How to Tear Down a Block Wall

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A block wall is built one block at a time and it can be torn down the same way. The blocks are held together with mortar. Tearing down the wall involves breaking each block loose and then toppling it to the ground. If the blocks aren't going to be used again, then you can use a sledgehammer to do the majority of the work. Block walls usually have a concrete footing that also needs to be torn up.

Things You'll Need

  • Safety goggles
  • Hard hat
  • Work pants
  • Long-sleeve work shirt
  • Leather work gloves
  • Steel-toed boots
  • Sledgehammer
  • Trash receptacle
  • Wheelbarrow
  • Shovel
  • Jackhammer
  • Earplugs
  • Wire cutters
  • Loader tractor or excavator (optional)
  • Pry bar (optional)

Using a Sledgehammer

  • Put on safety goggles to protect your eyes from flying bits of block, mortar or concrete. Put on a hard hat to protect your head from falling debris. Wear work pants and a long-sleeve work shirt to protect arms and legs. Put on leather work gloves to protect your hands, and wear steel-toed boots to protect your feet from falling blocks.

  • Grip the handle of the sledgehammer with two hands and swing the hammerhead up over your head. Strike the corner joints where the corners of four blocks come together on the upper two rows of blocks. Strike these joints all along the wall to break the blocks loose from the mortar. Push the loose blocks off the wall down the opposite side from where you're standing. Continue until the upper half of the wall has been toppled.

  • Walk around to the other side of the wall where all the toppled blocks are lying. Pick each one up and move it from the area. Place a few in a wheelbarrow and wheel them away. The blocks can be stacked and stored or tossed in a trash receptacle. Bend your knees when lifting the blocks to avoid using your lower back too much.

  • Topple the remainder of the blocks with the sledgehammer by swinging the hammerhead from the side instead of overhead. The bottom two rows can be struck by swing the hammerhead underhand. Remove all of these blocks from the work area.

  • Dig out the dirt from around the concrete footing 12 inches out and as deep as the footing's base. Use a shovel to dig down and remove the dirt. Toss the dirt as far from the footing as possible.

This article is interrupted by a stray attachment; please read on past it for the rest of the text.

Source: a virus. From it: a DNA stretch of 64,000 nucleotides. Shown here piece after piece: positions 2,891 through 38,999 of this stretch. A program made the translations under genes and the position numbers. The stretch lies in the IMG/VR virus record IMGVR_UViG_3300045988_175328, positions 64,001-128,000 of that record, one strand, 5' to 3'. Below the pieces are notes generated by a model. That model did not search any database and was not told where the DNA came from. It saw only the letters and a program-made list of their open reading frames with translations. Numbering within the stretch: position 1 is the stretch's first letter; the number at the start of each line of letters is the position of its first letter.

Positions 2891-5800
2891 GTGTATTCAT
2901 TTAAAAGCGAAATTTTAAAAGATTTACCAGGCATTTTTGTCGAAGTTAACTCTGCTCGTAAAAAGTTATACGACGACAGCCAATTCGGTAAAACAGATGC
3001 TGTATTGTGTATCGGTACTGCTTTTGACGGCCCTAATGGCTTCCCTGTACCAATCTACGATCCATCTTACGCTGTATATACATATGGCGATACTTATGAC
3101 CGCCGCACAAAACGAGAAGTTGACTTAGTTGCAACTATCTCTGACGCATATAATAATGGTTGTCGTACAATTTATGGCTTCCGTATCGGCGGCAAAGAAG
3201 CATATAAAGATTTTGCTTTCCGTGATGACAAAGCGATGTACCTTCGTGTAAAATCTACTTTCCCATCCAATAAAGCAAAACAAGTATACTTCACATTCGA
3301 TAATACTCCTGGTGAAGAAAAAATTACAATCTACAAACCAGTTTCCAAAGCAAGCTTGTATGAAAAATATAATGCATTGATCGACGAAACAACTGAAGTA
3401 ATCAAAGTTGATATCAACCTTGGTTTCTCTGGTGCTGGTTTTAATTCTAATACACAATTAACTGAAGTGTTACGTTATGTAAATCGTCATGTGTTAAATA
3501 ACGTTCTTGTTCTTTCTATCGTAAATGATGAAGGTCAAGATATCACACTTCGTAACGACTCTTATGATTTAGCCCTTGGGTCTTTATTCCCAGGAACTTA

• Walk to the end of the footing and slam the sledgehammer down on the footing about 8 inches in from the end. If the concrete breaks, then the sledgehammer can be used to break the remainder of the footing. Pull out each broken piece of concrete and remove it from the area. If the concrete won't break using the sledgehammer, use an electric jackhammer instead.

Using an Electric Jackhammer to Remove the Footing

  • Plug the jackhammer into a power outlet.

  • Hold the jackhammer straight up and down 8 inches in from the end of the concrete footing. Spread your feet apart so they are in line with your shoulders and you feel like you have a solid stance.

  • Put in a pair of earplugs. Grip both handles of the jackhammer and pull the trigger. Allow the jackhammer to work down through the concrete and pry as you go until the chunk breaks free. Set the jackhammer down on its side and remove the broken chunk of concrete. If there is wire holding the concrete in place then cut the wire with wire cutters. Jackhammer out all the concrete footing and remove the broken chunks from the area.

Tips & Warnings

  • The wall can be knocked down with a loader tractor or excavator if available.
  • The footings can also be dug up with the loader bucket or excavator shovel if available.
  • A pry bar can be used to pry blocks apart if necessary.
  • Some of the equipment you'll need can be rented, such as from Home Depot
  • or Hertz, if you're planning to do only a one-time job.
  • Keep the electrical cord of the jackhammer away from the tip of the jackhammer while in use.
  • Keep the demolition area free of broken blocks, mortar and concrete to reduce the chance of tripping.
  • Failing to wear appropriate work clothing and safety gear may result in personal injury.

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  • Photo Credit man with tools image by Florin Capilnean from Fotolia.com jack hammer, man working image by Greg Pickens from Fotolia.com
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